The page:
The main topics of the call included anti-doping, with presentations from two senior members of WADA, and updates on the reorganisation of the Tokyo 2020 Games, covering qualification, logistics and more.
IOC Chief Operating Officer Lana Haddad explained the Olympic Solidarity funding model and how IOC revenues are generated and distributed.
The IOC AC also answered questions from athlete representatives on several topics such as NOC AC grants and the latest on COVID-19.
Foreword by Kirsty Coventry
I would like to start by thanking everyone who attended the global call on Friday 8 May. It is vital that we continue to communicate and receive your feedback, to continuously improve our direct engagement with you.
We recently shared with you a letter from the IOC President titled “Olympism and Coronavirus” – which is intended to initiate a debate on “the challenges we are facing and the potential of the opportunities we have”. As the IOC AC, we would love to hear from you on this and also encourage you to send your ideas directly to the President and the IOC as outlined in the letter.
We are launching a series of webinars to support athletes. The first exclusive webinar was with the inspiring Eliud Kipchoge, who shared how simplicity is the key to his success and the steps he is taking to refocus in light of Covid-19. The next webinar is with Norwegian skier, Aksel Lund Svindal. You can sign up on Athlete365, and it is taking place at 2 p.m. CEST on 25 May 2020. Please share this with your fellow athletes.
Thank you to all the athletes who have been in touch over the last weeks – it is vitally important for us that we represent you and make your voice heard. Please continue to share with us any of your thoughts and ideas. During the last call you asked for a directory of athletes’ commissions, and we are happy to say this is now live and can be found here – please email us if you would like your AC details and email address to be added.
Once again, I urge you all to stay safe, to keep your family safe, and to reach out to us with any questions you may have.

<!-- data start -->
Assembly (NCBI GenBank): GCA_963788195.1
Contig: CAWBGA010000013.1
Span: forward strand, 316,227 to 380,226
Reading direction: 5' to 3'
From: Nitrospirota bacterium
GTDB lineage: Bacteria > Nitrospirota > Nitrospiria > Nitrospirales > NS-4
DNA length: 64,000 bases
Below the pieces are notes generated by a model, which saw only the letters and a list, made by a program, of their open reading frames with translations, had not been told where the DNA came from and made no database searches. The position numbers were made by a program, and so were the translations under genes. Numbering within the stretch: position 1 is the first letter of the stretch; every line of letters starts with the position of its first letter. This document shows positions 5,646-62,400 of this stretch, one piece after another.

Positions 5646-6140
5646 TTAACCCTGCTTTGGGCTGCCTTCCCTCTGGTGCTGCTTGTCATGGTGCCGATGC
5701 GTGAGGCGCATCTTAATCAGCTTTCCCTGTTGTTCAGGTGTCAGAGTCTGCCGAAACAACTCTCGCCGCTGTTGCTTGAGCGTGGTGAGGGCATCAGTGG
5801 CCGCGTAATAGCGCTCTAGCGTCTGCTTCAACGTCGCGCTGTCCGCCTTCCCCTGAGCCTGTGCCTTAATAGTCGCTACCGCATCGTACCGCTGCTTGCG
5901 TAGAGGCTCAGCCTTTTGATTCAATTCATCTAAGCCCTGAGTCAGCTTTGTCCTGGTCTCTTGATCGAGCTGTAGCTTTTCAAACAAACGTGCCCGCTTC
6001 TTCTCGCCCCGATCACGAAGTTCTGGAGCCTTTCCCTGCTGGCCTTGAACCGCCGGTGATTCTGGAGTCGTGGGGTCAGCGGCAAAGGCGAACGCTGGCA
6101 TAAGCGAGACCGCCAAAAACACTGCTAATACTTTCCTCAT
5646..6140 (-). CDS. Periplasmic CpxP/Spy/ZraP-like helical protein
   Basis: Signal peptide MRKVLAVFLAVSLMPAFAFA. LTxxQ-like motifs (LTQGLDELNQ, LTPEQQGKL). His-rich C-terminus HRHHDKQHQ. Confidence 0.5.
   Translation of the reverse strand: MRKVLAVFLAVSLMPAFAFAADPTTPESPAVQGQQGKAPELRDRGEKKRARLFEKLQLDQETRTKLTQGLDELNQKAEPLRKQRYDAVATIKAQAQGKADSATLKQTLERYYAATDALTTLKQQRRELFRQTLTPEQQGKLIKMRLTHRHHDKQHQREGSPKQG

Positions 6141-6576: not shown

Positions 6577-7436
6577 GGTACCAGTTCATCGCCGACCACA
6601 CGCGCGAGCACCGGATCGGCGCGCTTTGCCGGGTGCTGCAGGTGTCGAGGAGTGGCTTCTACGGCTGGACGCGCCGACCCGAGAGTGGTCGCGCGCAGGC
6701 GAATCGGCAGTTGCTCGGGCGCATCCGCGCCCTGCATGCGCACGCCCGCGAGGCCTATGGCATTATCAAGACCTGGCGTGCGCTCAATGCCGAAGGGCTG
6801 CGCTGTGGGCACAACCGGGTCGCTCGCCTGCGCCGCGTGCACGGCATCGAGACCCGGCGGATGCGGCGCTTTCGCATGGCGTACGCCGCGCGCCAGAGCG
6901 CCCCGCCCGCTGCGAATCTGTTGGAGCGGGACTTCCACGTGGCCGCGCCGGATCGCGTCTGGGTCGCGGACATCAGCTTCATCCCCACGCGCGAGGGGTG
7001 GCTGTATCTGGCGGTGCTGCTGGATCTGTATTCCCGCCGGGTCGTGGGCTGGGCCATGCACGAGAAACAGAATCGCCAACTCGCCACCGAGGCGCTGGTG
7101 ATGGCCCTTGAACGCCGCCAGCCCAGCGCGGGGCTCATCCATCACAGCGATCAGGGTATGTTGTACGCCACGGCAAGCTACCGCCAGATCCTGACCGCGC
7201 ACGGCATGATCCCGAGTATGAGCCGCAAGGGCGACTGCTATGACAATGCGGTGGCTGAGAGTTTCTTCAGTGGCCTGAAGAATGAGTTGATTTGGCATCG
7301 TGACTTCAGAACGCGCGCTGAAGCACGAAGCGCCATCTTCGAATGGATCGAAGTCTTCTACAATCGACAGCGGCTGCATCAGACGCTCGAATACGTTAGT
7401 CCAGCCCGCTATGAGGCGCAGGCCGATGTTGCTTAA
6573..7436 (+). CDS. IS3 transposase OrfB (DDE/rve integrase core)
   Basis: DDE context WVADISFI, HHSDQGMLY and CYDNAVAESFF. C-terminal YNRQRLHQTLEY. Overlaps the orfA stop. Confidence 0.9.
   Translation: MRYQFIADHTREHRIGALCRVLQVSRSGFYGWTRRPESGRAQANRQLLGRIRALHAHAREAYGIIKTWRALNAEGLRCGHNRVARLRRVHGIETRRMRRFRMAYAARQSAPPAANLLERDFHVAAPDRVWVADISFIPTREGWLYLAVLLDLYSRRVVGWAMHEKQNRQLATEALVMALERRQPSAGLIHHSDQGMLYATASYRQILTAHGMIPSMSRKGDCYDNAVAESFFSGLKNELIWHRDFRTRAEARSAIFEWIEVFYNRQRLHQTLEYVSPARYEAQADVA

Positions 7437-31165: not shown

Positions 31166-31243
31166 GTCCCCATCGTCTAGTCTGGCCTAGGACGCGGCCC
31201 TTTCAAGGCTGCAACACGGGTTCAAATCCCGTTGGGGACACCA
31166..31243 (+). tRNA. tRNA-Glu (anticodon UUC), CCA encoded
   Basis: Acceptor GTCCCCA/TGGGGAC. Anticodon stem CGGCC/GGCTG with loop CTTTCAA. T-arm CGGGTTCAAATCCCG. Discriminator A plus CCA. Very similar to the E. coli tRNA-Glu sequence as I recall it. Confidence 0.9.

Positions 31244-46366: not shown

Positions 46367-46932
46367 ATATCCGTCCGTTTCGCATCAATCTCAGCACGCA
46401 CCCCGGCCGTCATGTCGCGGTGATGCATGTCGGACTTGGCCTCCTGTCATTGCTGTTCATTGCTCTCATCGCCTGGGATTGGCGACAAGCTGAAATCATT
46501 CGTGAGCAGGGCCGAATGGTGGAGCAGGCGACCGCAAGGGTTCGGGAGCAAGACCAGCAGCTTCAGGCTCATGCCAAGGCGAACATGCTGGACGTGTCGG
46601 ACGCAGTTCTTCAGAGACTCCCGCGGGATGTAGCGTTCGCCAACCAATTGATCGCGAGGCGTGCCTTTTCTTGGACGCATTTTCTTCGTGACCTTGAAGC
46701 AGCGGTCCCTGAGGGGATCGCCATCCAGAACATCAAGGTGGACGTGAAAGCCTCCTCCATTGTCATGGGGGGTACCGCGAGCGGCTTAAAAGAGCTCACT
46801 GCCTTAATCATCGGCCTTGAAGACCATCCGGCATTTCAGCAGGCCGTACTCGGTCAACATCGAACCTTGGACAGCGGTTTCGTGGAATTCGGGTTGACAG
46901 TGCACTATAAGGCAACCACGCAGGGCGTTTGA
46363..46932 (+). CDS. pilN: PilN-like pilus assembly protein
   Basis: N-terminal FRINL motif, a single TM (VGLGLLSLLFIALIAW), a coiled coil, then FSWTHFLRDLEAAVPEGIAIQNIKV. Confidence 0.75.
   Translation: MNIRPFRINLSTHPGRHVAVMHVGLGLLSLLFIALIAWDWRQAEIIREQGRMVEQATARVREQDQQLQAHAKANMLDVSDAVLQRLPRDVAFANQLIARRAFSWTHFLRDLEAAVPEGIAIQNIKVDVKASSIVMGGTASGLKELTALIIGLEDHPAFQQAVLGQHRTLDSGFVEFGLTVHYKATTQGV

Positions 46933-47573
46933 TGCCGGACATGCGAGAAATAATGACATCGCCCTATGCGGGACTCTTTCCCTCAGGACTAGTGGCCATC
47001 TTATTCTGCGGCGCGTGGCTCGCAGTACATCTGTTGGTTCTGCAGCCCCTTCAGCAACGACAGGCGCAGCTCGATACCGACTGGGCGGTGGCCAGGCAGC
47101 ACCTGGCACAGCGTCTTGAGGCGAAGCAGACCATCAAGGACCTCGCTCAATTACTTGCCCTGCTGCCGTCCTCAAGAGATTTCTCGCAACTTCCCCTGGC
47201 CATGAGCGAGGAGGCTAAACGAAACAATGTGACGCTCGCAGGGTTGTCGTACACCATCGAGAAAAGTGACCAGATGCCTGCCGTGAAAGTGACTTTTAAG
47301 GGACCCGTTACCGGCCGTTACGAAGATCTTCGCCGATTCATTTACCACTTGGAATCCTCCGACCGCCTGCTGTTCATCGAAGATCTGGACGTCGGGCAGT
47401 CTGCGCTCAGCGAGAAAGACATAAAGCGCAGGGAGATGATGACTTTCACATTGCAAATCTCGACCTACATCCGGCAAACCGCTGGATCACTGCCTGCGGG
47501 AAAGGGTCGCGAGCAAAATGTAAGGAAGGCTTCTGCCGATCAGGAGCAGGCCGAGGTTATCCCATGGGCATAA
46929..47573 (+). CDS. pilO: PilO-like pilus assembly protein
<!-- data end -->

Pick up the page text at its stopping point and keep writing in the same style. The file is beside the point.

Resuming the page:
WADA and the International Testing Agency (ITA) joined the call to provide an update on the investigation into Russia and share the latest news on anti-doping procedures in light of the COVID-19 pandemic.
Günter Younger, WADA’s Director of Intelligence and Investigations, updated athlete representatives about the ongoing investigation into Operation LIMS and how it affects the anti-doping processes of other countries, while Stuart Kemp, Deputy COO of WADA, explained the impact of the global pandemic on anti-doping. Athletes will still be subject to testing where restrictions have been lifted, and national anti-doping organisation should be ready for when restrictions are lifted in other countries. WADA also continue to monitor where testing is and is not currently ongoing.
Ben Cohen, Director General of the ITA, informed the attendees that the pre-Games testing guidelines will be issued and recommence around September.
The WADA updates can be found here.
Olympic Games Tokyo 2020
Preparations continue for the Games next summer, with working groups having been established to look at planning and delivery. Maintaining the same venues, competition schedule, Olympic Villages and athlete services has been prioritised and confirmation of these is the immediate focus.
For qualification, 57% of the athletes’ quota has been allocated and these places remain in place with the respective NOC and/or athlete. In the last week, updated qualification systems have been finalised for 26 sports/disciplines, with the remainder coming very shortly.
IOC Sports Director Kit McConnell confirmed that the IOC urges IFs to remain cautious when considering dates for qualification events. Health regulation and restriction in each country, full preparation time for all athletes (including training) and other factors such as international travel availability and cost are just some of the considerations to take into account.